Date: Sun, 26 Sep 1993 16:24:15 EST
 The Boston Globe
 September  21, 1993, Tuesday, City Edition
 By James L. Franklin, Globe Staff
     Everybody is worried about dying, the Tibetan teacher Sogyal
 Rinpoche said. "But to die is extremely simple. You breathe out,
 and you don't breathe in."
    A ripple of laughter passed through the 400 people crowded
 into a conference room recently at Interface in Cambridge, a
 center for alternative religious, health and psychological
    They'd come to see a lama, a Tibetan monk, who is noted for
 his ability to  speak to Westerners and who, in a little less
 than a year, has sold nearly 100,000 copies of a book of Buddhist
 teachings, "The Tibetan Book of Living and Dying."
    Rinpoche - a religious title meaning "precious one" - left his
 homeland as a child in 1959, studied in Catholic schools in India
 and in Britain at Trinity College, Cambridge, and set out to
 bring the ancient tradition of  Tibet  to  bear on the anxieties
 of men and women in Europe and North America.
    "I'm not a very good lama," he insisted to an interviewer. He
 speaks often of his own teachers, his "masters," some of whom he
 served as translator when they came to the West.
    The book is the result of doing what his teachers told him, to
 pass on the  ancient teaching to a new world, as "a service to
 humanity." That includes, he  says, teaching Westerners
 "discernment": which Buddhist teachings to use and which to
 ignore, how to find a teacher and persevere on the path to
   And he is succeeding in drawing new students to Buddhism, said
 Steve Zimmerman of Watertown, who leads classes at Rinpoche's
 local Rigpa center there. "Because he was raised largely in the
 West, he has much greater understanding of Westerners."
    David F. Gibbs, 45, a social worker at the Merrimack Valley
 Hospice in Lowell, said he once found Tibetan Buddhism "too
 ritualistic and elaborate, beyond my cultural experience."
    Now he finds Rinpoche's teaching has helped him "develop more
 compassion and understanding," in seeing how the people who come
 to the hospice "are distinct  from their behavior, how they are
 more than what they are thinking or feeling or doing."
    For part of the 10 years he spent preparing the book, Rinpoche
 worked in the hospice movement in Britain, helping those who face
 imminent death as a result  of cancer, AIDS or other serious
 illnesses. He came to believe that much of what is wrong in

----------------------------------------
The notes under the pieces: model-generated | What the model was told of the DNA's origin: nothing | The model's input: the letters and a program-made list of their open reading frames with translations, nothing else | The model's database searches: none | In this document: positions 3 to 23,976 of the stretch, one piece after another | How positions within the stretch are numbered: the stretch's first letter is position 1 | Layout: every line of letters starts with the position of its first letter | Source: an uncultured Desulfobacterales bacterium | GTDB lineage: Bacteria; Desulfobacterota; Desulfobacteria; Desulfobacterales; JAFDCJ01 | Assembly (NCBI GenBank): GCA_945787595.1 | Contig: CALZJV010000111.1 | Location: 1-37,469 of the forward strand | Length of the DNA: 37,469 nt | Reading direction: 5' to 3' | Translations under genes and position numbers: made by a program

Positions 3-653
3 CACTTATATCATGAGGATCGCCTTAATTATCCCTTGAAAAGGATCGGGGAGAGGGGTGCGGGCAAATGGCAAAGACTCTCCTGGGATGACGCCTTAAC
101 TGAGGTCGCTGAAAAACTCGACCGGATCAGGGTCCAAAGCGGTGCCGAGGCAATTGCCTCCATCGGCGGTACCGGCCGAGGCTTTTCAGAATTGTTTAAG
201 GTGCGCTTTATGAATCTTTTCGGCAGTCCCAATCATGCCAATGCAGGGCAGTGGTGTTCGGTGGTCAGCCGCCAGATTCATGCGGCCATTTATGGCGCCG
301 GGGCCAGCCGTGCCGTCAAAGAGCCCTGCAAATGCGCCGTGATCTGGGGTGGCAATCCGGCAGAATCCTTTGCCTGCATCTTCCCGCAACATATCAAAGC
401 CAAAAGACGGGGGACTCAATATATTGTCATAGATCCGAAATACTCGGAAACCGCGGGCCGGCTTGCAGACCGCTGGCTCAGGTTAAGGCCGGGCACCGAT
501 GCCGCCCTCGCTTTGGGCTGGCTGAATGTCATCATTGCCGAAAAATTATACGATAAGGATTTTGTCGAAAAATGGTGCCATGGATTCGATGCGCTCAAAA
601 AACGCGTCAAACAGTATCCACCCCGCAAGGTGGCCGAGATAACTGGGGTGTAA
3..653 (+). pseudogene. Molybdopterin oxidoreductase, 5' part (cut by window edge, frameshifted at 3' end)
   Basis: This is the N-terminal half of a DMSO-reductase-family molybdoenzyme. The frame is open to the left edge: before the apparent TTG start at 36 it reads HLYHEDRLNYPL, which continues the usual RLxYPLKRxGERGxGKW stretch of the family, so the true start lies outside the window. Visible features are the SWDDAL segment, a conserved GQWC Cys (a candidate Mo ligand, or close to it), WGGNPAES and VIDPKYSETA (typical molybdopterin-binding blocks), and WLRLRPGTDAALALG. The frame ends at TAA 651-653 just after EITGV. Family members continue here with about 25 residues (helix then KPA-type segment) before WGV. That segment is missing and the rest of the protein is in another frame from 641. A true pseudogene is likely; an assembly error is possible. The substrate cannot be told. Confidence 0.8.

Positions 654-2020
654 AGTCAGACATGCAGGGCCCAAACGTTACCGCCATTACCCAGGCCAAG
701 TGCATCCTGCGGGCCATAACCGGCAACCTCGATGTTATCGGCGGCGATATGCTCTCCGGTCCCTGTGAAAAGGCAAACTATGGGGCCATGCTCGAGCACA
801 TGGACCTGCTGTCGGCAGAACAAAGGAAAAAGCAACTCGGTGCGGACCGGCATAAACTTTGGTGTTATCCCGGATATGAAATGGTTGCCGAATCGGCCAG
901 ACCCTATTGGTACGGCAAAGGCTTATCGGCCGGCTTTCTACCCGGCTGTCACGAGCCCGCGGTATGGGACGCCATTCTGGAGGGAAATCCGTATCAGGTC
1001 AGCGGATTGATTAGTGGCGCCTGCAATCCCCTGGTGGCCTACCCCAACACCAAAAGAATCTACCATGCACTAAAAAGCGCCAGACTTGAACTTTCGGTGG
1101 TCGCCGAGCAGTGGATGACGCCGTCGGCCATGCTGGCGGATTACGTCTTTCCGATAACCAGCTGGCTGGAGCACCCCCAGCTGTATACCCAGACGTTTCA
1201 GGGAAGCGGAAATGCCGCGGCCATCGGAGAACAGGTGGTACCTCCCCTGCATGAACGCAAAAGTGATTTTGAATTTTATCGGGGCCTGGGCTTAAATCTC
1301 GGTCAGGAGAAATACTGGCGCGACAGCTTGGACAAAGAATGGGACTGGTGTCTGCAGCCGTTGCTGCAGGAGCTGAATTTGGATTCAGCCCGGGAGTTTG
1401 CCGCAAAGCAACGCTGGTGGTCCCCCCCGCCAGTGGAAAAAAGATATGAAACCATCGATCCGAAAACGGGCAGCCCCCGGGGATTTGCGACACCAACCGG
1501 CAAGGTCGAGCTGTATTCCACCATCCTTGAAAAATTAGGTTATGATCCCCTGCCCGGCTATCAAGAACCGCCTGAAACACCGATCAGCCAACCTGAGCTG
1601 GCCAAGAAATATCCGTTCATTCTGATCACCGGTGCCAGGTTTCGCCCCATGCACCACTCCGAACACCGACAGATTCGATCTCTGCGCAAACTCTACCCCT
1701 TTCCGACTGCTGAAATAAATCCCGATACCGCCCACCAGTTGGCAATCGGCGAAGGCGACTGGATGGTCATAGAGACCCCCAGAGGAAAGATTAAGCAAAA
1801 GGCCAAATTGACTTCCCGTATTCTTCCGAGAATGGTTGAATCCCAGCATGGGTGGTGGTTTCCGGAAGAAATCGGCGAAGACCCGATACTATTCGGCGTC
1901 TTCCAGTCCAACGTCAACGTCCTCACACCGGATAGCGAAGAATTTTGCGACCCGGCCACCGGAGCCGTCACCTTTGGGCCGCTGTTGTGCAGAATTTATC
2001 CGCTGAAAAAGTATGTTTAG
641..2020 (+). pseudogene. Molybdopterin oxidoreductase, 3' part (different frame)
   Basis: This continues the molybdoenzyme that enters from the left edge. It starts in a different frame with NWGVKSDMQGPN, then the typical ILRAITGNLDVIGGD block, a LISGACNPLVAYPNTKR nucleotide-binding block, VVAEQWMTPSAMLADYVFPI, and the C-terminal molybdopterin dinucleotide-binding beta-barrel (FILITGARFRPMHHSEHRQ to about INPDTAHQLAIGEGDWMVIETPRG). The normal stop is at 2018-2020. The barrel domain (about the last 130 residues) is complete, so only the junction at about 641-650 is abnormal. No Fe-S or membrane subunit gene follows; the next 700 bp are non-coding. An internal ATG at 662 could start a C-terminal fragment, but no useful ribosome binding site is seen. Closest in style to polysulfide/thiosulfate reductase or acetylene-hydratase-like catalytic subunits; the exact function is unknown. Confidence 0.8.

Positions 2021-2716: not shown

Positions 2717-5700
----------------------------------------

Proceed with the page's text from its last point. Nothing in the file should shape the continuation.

Western society arises from the denial of death.
 "I feel this denial of death actually complicates problems
 that exist in Western society," Rinpoche said in the interview.
 "It is why there is no long-term vision, not very much thought for 
 the consequences of actions, little or no compassion."
    "People see death as terrible, as tragic. Because they want to
 live, they see death as the enemy of life and therefore deny
 death, which then becomes even more fearful and monstrous."
    Beneath this fear of death lies "the ultimate fear . . . the
 fear of looking into ourselves," he said.
    But death can be a friend, he told the crowd at Interface.
 "Death holds the  key to the meaning of life," which is why
 Trappist brothers regularly greet each other with the Latin
 phrase memento mori, "remember you are dying," Rinpoche said.
    "Remembering . . . brings life into focus . . . It sorts out
 your priorities, so you do not live a trivial life . . . It helps
 you take care of the most important things in life first. Don't
 worry about dying; that will happen successfully whether you
 worry about it or not."
    He warns his students not to think about death "when you are
 depressed," but rather "when you are on holiday or impressed by
 music or natural beauty."
    But he knows that "when I am not practicing," or meditating in
 a disciplined way, "I am afraid of death." He has worried, too,
 about the death of the lamas  with whom he left  Tibet.  "A whole
 generation of legendary masters is passing  away - sometimes I
 wonder what the future is going to hold," he said.
    Rinpoche is hopeful when he remembers living teachers, such as
 the Dalai Lama, who wrote the foreword to his book. But he knows
 that the possible loss of  Tibet  is another experience of
 impermanence, of death, like that all human beings must face.
    His goal is to help the dying, those who care for them, and
 all who listen,  to "face our own mortality and realize how much
 love, how much compassion is in you," he told an interviewer.
    "This dying forces you to look into yourself. And in this,
 compassion is the only way. Love is the only way."
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